Fenimore Art Museum
Attitudes toward childhood changed radically in 19th-century America. Whereas in the 17th century the Puritan conception of the child was of a miniature adult beset by innate evil, societal attitudes gradually underwent a positive evolution. Under the influence of the European Enlightenment and the American Revolution, a new appreciation of childhood emerged and flourished. A belief in the innocence of youth supplanted earlier prejudices, and an interest in child development became a predominant issue of American popular debate.
In the Southwest United States, pottery-making began about two thousand years ago and became a powerful form of expression. Women created a wide range of hand-coiled vessels including serving dishes and storage vessels for water, food, and seeds. Pottery was painted with imagery inspired by the everyday world and the cosmos. Southwest pottery making has remained vibrant to the present day.
Between 1825 and 1875 a distinctive style of landscape painting emerged that all but replaced portraiture as the premier focus of painting in the United States. The group of artists who adopted this style is now loosely-termed as the Hudson River School. The scenery of New England and upstate New York was their earliest subject matter.
The images of African Americans at Fenimore Art Museum offer insights into the ways that Americans in the past viewed one another; how artistic representations of black people created and reinforced popular attitudes; and how these attitudes continue to affect us today. This is not simply a story for African Americans, but for all of us, because the issues represented in this exhibition—identity, self-portrayal, survival, resistance, and stereotyping—are issues that relate to each individual who has ever wondered about their own identity and to every group that has entered this country.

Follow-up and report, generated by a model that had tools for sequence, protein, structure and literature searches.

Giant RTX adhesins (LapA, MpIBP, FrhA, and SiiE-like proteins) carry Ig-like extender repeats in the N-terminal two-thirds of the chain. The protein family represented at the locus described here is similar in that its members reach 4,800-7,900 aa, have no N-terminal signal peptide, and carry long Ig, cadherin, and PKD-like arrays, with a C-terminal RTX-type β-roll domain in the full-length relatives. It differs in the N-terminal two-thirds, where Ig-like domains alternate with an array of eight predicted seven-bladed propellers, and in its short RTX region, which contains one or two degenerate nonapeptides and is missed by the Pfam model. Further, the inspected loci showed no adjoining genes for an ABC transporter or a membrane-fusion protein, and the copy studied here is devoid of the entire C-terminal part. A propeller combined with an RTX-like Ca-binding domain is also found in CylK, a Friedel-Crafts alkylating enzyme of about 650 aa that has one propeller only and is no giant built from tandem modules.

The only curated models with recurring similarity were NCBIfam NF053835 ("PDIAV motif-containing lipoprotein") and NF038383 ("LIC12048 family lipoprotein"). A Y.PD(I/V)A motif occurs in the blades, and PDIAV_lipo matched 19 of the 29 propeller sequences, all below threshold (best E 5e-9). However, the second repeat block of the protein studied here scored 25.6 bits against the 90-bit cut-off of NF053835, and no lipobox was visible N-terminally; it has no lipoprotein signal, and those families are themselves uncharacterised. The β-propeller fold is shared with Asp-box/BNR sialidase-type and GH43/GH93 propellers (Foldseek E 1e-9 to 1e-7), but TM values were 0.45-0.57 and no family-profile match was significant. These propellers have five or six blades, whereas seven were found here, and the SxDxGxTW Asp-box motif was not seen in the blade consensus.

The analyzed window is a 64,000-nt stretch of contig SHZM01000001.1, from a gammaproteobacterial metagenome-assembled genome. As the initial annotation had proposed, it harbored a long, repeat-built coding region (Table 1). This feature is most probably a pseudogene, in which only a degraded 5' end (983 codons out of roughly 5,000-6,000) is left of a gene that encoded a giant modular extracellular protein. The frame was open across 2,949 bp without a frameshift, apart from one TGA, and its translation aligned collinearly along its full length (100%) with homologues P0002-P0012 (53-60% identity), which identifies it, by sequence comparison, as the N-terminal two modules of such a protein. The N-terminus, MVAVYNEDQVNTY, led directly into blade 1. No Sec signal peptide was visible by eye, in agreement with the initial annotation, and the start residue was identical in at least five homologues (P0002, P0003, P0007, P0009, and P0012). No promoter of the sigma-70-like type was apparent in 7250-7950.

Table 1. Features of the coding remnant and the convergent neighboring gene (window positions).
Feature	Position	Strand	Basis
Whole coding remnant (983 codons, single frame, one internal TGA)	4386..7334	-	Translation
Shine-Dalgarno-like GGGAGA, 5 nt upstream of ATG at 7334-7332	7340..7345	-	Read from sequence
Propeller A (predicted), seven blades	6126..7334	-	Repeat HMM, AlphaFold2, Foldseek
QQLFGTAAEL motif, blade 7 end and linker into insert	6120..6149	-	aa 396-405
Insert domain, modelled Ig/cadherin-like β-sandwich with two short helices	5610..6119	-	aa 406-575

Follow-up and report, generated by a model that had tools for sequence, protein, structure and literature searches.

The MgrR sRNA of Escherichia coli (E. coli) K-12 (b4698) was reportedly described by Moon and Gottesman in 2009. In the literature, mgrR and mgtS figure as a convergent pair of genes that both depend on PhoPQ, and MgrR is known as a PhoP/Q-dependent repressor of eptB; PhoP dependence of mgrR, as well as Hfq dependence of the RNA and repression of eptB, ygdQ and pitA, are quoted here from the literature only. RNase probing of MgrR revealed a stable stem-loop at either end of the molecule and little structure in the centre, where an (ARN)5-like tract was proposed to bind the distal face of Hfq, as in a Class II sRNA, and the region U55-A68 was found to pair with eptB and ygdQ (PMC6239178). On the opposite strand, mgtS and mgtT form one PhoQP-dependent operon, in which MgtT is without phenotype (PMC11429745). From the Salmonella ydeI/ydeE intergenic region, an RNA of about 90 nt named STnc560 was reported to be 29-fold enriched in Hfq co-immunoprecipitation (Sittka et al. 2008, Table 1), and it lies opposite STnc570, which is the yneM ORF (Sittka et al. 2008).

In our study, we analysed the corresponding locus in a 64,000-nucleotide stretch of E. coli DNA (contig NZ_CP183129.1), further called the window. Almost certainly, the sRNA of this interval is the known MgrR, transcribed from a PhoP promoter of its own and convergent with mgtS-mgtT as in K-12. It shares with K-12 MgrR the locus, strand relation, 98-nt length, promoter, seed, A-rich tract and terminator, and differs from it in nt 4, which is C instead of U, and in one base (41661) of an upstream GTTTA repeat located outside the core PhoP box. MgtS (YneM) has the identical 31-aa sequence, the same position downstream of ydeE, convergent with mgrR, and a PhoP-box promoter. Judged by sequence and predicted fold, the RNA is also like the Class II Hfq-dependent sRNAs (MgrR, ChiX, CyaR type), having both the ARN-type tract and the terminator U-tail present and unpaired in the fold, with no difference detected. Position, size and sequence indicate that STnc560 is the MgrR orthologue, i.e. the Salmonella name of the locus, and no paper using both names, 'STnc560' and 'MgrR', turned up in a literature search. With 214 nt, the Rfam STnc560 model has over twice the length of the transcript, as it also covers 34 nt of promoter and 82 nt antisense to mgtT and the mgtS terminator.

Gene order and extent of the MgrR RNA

Fenimore Art Museum, Cooperstown, N.Y.
The images of African Americans at the Fenimore Art Museum offer insights into the ways that Americans in the past viewed one another; how artistic representations of black people created and reinforced popular attitudes; and how these attitudes continue to affect us today.
This exhibition will feature ceramic pots by Peter B. Jones and collages by George Longfish. Both are contemporary Iroquois artists.
Guest Curator G. Peter Jemison (Seneca) is the Site Manager for Ganondagan State Historic Site in Victor, New York, the location of a seventeenth-century Seneca town.
This selection of New York state bird’s-eye views dates from the 1850s to 1890. During the second half of the 19th century, especially after the Civil War, the most common type of city view was drawn from an imaginary perspective high in the air. Bird’s-eye views appealed to local pride and the desire to promote one’s community. After the Civil War, firms specializing in bird’s-eye views employed itinerant artists to travel the country to make illustrations of large cities and small towns alike.
The complex relationship between distinct cultures creates a remarkable dynamic, especially when one culture attempts to make a pictorial record of the other. The exaggerations and inaccuracies of the resultant imagery can have an intense impact on both cultures. For America and most of the world, the Great Plains evokes images of painted tipis, savage buffalo hunts, and warriors on horseback wearing elaborate feather headdresses.